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Are Industrial Heavyweights Rolls-Royce Holdings Plc And BAE Systems Plc Set To Surge In 2016?

Rolls-Royce Holding (LSE: RR) and BAE Systems (LSE: BA) have had a wildly divergent 2015, with Rolls Royce down over 35% and BAE up 4%. Are these two titans of British industry set to continue on their respective paths in the New Year or will their share prices jet higher?

Hit by five profit warnings in two years, and with activist investors coming out of the woodwork to attack management, Rolls Royce has seen its shares plunge by more than a third over the past year. Investors have been stampeding for the exits due to low margins in the company’s bread and butter civil aerospace division, low oil prices denting maritime engine sales and an inefficient corporate culture.

Relatively new CEO Warren East, who successfully led ARM Holdings for a decade, should look to the success of General Electric’s commercial aviation division for the key to future growth. GE Aviation has slashed costs since the financial crisis by moving more of their supply chain in-house. Rolls has begun to go down this path by increasing its stake in several Asian maintenance partners, a necessary step to close the gap on GE’s estimated 5% higher margins.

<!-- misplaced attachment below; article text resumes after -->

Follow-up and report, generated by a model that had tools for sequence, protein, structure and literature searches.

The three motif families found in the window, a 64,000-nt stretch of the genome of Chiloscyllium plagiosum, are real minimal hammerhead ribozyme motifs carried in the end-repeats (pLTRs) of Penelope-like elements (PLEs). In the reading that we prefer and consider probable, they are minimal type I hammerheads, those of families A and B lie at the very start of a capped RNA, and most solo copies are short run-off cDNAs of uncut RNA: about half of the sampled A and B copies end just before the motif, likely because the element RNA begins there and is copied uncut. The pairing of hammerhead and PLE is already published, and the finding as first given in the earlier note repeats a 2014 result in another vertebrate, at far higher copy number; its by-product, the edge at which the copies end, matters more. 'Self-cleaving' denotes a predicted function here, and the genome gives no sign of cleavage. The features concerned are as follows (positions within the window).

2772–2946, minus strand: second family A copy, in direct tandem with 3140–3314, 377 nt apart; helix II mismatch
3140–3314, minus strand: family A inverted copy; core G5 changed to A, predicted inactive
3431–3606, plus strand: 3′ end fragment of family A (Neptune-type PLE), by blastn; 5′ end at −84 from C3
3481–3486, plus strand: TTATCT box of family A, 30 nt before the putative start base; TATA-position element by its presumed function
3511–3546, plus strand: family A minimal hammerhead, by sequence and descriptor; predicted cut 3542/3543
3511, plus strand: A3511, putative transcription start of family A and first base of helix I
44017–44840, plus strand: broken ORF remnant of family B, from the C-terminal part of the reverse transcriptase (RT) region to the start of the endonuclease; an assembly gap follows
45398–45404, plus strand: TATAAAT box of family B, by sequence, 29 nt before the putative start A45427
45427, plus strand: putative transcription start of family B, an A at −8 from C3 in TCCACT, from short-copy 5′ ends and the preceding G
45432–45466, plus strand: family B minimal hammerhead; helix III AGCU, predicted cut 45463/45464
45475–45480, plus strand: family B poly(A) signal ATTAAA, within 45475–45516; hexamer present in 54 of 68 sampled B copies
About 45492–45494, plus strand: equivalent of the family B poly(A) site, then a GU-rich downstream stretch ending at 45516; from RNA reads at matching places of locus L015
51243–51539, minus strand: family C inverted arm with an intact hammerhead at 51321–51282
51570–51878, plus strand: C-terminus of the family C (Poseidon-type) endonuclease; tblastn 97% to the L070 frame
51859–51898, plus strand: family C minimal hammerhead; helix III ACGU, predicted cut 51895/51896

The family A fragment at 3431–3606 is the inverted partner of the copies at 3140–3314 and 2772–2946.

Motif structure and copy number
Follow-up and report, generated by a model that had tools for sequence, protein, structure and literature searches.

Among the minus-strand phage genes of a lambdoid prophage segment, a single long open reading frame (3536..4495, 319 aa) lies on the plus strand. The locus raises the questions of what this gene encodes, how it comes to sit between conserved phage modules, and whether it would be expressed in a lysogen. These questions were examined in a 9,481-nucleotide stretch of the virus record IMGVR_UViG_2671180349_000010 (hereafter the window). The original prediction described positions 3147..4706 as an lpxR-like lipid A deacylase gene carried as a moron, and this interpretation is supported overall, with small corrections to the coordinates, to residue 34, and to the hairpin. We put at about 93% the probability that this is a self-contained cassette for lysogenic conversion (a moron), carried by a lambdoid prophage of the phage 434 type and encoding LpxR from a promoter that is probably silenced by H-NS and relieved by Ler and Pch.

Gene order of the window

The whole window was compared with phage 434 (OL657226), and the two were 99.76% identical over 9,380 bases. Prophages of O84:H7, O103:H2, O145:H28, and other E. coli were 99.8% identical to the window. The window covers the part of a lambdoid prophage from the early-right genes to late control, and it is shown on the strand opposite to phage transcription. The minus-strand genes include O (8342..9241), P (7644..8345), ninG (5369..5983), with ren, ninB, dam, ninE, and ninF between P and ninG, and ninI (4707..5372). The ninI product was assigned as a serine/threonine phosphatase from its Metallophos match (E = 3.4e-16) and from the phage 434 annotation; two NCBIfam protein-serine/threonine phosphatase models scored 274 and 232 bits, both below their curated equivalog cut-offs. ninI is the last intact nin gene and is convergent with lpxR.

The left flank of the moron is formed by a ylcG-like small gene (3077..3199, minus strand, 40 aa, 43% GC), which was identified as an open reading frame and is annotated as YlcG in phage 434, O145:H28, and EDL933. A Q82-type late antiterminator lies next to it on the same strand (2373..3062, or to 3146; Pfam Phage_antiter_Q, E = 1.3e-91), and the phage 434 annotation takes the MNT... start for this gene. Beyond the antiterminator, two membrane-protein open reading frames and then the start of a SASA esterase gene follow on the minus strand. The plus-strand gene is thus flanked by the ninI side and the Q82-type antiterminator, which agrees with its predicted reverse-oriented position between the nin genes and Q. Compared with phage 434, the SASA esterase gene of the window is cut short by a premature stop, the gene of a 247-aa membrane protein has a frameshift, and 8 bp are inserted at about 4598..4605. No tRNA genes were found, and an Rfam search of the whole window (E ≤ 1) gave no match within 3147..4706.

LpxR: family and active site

East has also begun to attack Rolls-Royce’s bloated corporate culture by streamlining decision-making through divisional consolidation, and has promised a further £200m in cuts next year. With a virtual duopoly in the wide-body commercial engine market and a proven path to higher profits, I believe that investors with a long-term perspective have a golden opportunity to buy into Rolls-Royce at a very attractive valuation.

BAE Systems has enjoyed a 10% increase in share price over the past month, as increased defence budgets in its three main markets — the UK, US and Saudi Arabia — have increased after several years of cutbacks. These three countries together account for three-quarters of revenue and provide a natural hedge to lower defence budgets in any one market.

The defence manufacturer has wisely sought to mitigate the effects of the cyclical nature of the industry on revenue by expanding its cyber security and electronic systems divisions. Together, these two now account for 24% of sales and make BAE less reliant on major projects and less vulnerable to swings in defence spending by national governments.

Despite defence budgets in the developed world set to increase over the next few years, and an appealing 4.2% dividend, long-term investors can find better uses for their capital than BAE. The industry remains a highly cylical one reliant on large orders from fickle national governments and holds low potential for runaway growth.

On the other hand, Rolls Royce is in an enviable position as one of only two providers of wide-body engines in a market which is set to increase for decades to come as international air travel continues to expand. With a highly capable CEO, quality products and a plenty of fat to cut, I believe Rolls Royce has the potential to provide very high long-term returns to patient investors.

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Ian Pierce has no position in any shares mentioned. The Motley Fool UK has recommended shares in ARM Holdings. We Fools don't all hold the same opinions, but we all believe that considering a diverse range of insights makes us better investors.